Too Much TV: Your TV Talking Points For Monday, May 3rd, 2021

Post by: Rick Ellis 03 May, 2021

Here's everything you need to know about the world of television for Monday, May 3rd, 2021. I'm writing this from the Twin Cities suburbs, where AllYourScreens HQ is powered by breakfast blend coffee and jalapeno cheese ravioli.

Roku made it first Newfronts presentation on Monday and there weren't many details about how the company planned to integrate the content it obtained from Quibi into its Roku Channel.

The presentation touted a few datapoints, including that 57% of its users had no pay-TV subscription, but the majority did subscribe to SVOD's such as Netflix or Amazon. The median age for Roku customers is 39, compared with 60-plus for the broadcast networks.

The 30-minute virtual presentation included a highlight reel of programming from Quibi as well as content from Roku's recent deal with This Old House. The Quibi content will be rolled out in late summer, but it's still not clear how advertising will be integrated into short-form programming that typically runs between 6 and 10 minutes. 

The 2021 Newfronts began today and Crackle Plus - which runs the AVOD streaming services Crackle and PopcornFlix - announced a number of new projects as well as the launch of a new Chicken Soup For The Soul AVOD.

The Chicken Soup For The Soul AVOD is an interesting move, because much of the content is coming from the recent acquisition of Sonar Entertainment. Sonar was the most recent incarnation of a company that was once called RHI Entertainment and was run by the famed producer Robert Halmi Sr. At different points in its history it was also called Qintex Entertainment, Hallmark Entertainment and Robert Halmi Inc. Chicken Soup for the Soul Entertainment acquired Sonar earlier this year and when the deal was closed reports surfaced that the plan was to launch multiple AVOD's using the Sonar Entertainment catalog. That catalog includes several thousand titles ranging from dozens of miniseries and made-for-TV movies from the 1980s and 1990s to the assets of the Hal Roach studio to new productions such as Mr. Mercedes and The Shannara Chronicles.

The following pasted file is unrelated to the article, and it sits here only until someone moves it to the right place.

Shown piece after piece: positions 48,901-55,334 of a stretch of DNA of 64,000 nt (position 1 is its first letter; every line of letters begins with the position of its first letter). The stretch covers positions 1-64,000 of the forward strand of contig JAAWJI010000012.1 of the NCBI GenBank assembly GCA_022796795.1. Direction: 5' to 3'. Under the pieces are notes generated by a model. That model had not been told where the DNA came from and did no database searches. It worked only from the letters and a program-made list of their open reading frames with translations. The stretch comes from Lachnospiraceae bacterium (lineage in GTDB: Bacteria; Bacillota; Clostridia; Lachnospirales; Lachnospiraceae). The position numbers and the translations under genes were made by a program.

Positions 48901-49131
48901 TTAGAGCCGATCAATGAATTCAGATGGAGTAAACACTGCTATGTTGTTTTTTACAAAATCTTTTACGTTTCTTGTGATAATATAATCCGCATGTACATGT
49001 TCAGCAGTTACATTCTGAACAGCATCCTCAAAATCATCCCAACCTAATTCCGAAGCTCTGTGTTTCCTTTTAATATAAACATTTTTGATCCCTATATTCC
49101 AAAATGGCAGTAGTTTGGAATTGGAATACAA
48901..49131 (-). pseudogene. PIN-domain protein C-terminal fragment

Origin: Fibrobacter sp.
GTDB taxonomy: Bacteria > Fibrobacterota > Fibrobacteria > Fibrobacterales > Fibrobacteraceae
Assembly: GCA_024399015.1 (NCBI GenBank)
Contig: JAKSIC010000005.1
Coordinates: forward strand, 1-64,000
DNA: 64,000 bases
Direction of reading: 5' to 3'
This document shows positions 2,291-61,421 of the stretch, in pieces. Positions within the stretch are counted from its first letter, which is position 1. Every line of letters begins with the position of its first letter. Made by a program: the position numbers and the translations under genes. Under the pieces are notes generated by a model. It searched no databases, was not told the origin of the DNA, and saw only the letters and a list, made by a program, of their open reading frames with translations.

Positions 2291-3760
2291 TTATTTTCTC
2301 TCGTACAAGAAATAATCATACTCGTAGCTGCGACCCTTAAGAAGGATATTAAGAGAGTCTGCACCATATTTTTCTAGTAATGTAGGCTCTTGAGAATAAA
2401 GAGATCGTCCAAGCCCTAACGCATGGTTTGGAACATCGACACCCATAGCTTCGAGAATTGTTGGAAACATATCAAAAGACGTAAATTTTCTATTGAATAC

Deadline's Dade Hayes has a Q&A with WarnerMedia Direct-To-Consumer Chief Andy Forssell in which he answers a number of questions about how he thinks HBO Max has executed so far. He also has some interesting things to say about HBO Max's AVOD plan:

The biggest thing is there are completely new teams to kind of do this type of advertising at a high level where all the content that comes into the platform now has to have ad breaks. We didn’t need ad breaks before. [Ed. note: HBO programming will not carry advertising.] That’s a simple thing to say, but actually takes a lot of sophistication to do efficiently. You can throw humans at it and spend a lot of money but we’re trying to use technology smartly, so we’ve had to build all that capability.

And then you know, there’s a bunch of operational and technical things you have to build and policy on top of it to say, ‘How many times should we show a given user a single ad?’ That seems like a basic question but it actually sets up a really good debate internally and our answer is going to be much fewer times than many other people have decided. That means you have to turn away revenue and say, ‘We’re going to have a really premium user experience here, which means you’re not going to see ads multiple times. You might see it twice in a week.’ So, we’ve had to develop all that. It’s not rocket science but it’s got to be really thought through, especially in terms of how we look and feel different than other providers.

He also talks a bit about the HBO Max UX, which as you may know, is a pet topic of mine:

We launched the product last year without significant personalization. It was the platform that had HBO Go and HBO Now, with a bunch of improvements. [Ed. note: HBO Go, an authenticated app for HBO subscribers, was phased out and HBO Now, a stand-alone streaming version of HBO that launched in 2015, was rebranded as HBO.] We have improvements sketched out literally for the next two years. It’s at least a build every month. Last September, October, November, that really started to pick up, and I won’t call out specific things because a lot of them are small. But they add up to significantly more personalization and better use of data across the board.

We’re exposing 85% to 90% of our entire catalog in any given week. We weren’t doing that last summer, so we’ve gotten a lot better at using purposely limited screen space. We don’t do an infinite scroll like some other services do. You’re getting 17, 18 or 19 rows — which sounds like a lot, but you hit a bottom, right? And that’s very useful. How do we use those as best we can to catch someone’s eye and get them to say, ‘Oh, I’m interested in that, let me play the trailer.’ I think we’ve gotten much better at that matchmaking.